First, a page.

Cells on the under surface of the inner cell mass become arranged in a definite sheet, the entoderm (Fig. 2^ A). It is usually said to arise by splitting, or delamination, although there are attempts to prove ingrowth from a - blastopore. - In most mammals, the entoderm spreads rapidly and lines the blastodermic vesicle (Fig. 38) but in Tarsius, the entoderm forms a much smaller sac (Fig. 25 B, C). The youngest human embryos known (Fig. 40) indicate a previous origin of entoderm much as in Tarsius.

Fig 23. Gastrulation in the low primate, Tarsius, as demonstrated by sections of the blastodermic vesicle (redrawn after Hubrecht). X 260.

Origin of the Mesoderm, Notochord and Neural Tube

Amphioxus and Amphibia

The dorsal portion of the inner sheet, which forms the roof of the archenteron in Amphioxus, gives rise to paired, lateral diverticula, the ccdonuc pouches (Fig. 26). These separate both from a mid-dorsal plate of cells (the future notochord), and from the entoderm of the gut, and become the primary mesoderm. The mesodermal pouches grow ventrad and their cavities form the coelom, or body cavity. Their outer layers, with the ectoderm, constitute the body wall, or somatopleure; their inner layers, with the gut entoderm, form the intestinal wall, or splanchnopleure. In the meantime, a dorsal plate, cut off from the ectoderm, folds into the neural tube (anlage of the nervous system), and the notochordal plate becomes a cord, or cylinder, of cells (axial skeleton) extending the length of the embryo. In this simple fashion the ground plan of the chordate body is attained.

Fig. 26. Origin of the mesoderm in Amphioxus (Hatschek). X 425. a/, Lumen of gut; r//., notochord : ai\, coelom; crrl.p., coelomic pouch; ect., ectoderm; ent., entoderm; n.c., neural canal; n.g., neural groove.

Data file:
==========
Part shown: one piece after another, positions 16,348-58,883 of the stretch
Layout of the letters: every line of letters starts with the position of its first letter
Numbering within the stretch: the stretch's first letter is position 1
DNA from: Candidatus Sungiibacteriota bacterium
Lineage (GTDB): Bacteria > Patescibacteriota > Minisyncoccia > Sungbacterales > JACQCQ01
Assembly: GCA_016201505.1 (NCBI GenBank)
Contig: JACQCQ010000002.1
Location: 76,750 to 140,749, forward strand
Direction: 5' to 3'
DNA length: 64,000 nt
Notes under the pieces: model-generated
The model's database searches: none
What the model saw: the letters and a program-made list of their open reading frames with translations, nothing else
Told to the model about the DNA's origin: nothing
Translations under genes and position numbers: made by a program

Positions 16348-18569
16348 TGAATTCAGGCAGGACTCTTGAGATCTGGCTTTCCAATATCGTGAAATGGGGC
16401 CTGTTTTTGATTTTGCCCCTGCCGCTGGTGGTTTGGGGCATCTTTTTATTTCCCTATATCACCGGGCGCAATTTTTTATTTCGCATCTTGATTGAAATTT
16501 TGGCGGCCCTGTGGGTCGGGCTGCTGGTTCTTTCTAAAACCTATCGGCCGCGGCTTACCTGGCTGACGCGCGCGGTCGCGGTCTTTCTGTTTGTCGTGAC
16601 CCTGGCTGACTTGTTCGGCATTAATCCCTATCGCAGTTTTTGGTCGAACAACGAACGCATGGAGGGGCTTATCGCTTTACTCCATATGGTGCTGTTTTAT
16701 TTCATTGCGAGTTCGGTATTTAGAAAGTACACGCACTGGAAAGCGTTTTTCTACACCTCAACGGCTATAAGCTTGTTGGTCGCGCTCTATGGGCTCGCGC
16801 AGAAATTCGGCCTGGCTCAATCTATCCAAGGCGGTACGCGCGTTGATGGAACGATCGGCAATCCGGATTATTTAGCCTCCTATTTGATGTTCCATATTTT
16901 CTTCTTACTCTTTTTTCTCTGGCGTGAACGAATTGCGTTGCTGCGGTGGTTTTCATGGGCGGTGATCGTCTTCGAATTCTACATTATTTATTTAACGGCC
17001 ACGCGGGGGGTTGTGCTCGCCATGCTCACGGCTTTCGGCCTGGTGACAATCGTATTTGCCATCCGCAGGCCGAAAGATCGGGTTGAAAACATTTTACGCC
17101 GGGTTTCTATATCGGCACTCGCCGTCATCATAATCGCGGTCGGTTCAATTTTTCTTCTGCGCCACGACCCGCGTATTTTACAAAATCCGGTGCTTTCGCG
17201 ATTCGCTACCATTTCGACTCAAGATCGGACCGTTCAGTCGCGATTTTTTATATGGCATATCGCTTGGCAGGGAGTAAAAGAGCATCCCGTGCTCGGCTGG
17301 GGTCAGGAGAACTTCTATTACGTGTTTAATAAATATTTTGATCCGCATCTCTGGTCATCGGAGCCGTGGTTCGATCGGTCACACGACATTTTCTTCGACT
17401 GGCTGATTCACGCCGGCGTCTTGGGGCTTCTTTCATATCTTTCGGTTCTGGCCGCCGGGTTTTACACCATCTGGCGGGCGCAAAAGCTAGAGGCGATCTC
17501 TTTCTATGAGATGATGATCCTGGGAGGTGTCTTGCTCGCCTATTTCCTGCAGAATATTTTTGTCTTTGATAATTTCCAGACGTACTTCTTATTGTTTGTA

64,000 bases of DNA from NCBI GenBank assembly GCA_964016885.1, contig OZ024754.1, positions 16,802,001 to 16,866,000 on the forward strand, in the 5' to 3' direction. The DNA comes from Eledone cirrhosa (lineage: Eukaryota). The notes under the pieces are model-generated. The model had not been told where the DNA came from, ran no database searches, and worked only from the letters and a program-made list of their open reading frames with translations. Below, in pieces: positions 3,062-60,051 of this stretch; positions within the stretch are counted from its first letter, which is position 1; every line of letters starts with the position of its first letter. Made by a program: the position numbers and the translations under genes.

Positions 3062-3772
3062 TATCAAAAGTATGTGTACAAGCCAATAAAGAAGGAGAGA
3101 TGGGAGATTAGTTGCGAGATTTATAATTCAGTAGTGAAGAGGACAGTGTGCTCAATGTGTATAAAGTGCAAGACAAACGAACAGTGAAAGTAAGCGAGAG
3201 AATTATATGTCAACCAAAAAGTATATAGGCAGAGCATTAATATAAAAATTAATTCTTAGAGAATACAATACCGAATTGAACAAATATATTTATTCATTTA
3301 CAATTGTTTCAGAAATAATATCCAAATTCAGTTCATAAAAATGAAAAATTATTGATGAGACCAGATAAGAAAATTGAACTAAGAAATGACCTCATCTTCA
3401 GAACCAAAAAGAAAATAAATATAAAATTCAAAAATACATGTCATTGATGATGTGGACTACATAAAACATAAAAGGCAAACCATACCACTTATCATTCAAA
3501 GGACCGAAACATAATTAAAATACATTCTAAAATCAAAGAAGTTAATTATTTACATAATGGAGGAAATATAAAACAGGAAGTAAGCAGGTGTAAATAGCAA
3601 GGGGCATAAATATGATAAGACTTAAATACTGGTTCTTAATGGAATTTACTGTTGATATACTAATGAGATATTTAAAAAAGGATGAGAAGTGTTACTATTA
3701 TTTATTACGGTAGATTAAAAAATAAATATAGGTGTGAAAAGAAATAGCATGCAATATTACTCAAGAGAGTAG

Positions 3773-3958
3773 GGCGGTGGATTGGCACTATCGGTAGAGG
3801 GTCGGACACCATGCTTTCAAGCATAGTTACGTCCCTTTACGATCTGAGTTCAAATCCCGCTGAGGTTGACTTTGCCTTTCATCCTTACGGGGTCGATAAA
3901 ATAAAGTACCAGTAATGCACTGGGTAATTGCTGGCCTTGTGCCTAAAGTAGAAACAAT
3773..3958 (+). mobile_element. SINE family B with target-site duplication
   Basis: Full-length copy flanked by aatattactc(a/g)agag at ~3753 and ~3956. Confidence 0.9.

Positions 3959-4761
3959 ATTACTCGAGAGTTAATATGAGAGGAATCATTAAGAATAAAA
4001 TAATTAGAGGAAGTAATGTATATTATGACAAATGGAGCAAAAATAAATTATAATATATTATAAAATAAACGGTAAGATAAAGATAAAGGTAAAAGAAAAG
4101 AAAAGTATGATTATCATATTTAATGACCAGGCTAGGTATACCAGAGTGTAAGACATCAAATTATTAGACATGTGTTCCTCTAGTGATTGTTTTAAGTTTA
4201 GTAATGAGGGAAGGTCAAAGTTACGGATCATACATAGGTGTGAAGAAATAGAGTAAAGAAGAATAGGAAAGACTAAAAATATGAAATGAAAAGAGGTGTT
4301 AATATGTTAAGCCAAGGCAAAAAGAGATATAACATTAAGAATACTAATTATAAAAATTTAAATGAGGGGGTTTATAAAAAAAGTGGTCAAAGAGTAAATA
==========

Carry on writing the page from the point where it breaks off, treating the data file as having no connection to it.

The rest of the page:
Fig. 27. Longitudinal sections of the snake's blastoderm, at various stages, to show the origin of the notochordal plate (adapted after Hertwig).

In amphibia, solid mesodermal plates arise in a similar location and extend laterally between the ectoderm and entoderm. Later, these plates split into two layers and the cavity so formed is the coelom (cf .3S) The notochord also originates as in Amphioxus.


The same pocket-like depression in the caudal portion of the blastoderm, that gave rise to the cells of the entodermal layer, now invaginates more extensively and forms a pouch which pushes forward between ectoderm and entoderm (Fig. 27 A and B). The size of the invagination cavity varies in different species; in some it is elongate and narrow, lieing confined to the middle line of the blastoderm. The floor of this pouch soon fuses with the underlying entoderm, and the two thin, rupture, and disappear, thus putting the cavity of the pouch temporarily in communication with the space (archenteron) beneath the entoderm (Fig. 27 C). The cells of the roof persist as the notochordal plate, which later liccomes the notochord. The neural folds arise before the mouth of the pouch (blastopore) closes, and, fusing to form the neural tube, incorporate the blastopore into its floor. This temporary communication between the neural tube and the primitive enteric cavity is the neurenteric canal (cf. Fig. 27 C) it is found in all the vertebrate groups (cf. Fig. 58). A transverse section through the invaginated pouch, at the time of rupture of its floor, and through the underlying entoderm will make clear the lateral extent of these changes (Fig. 28).

Fig. 28. Transverse section of a snake's blastoderm, at a level corresponding to the middle of (adapted after Hertwig).

From about the blastopore, and from the walls of the pouch, mesodermal plates arise and extend like wings between the ectoderm and entoderm (Fig. 28). As in amphibia, they later separate into outer (somatic) and inner (splanchnic) layers enclosing the Primitive groove coelom. The relation between notochordal plate, mesoderm, and entoderm, shown in Fig. 28, resembles strikingly the conditions in Amphioxus (Fig. 26 A).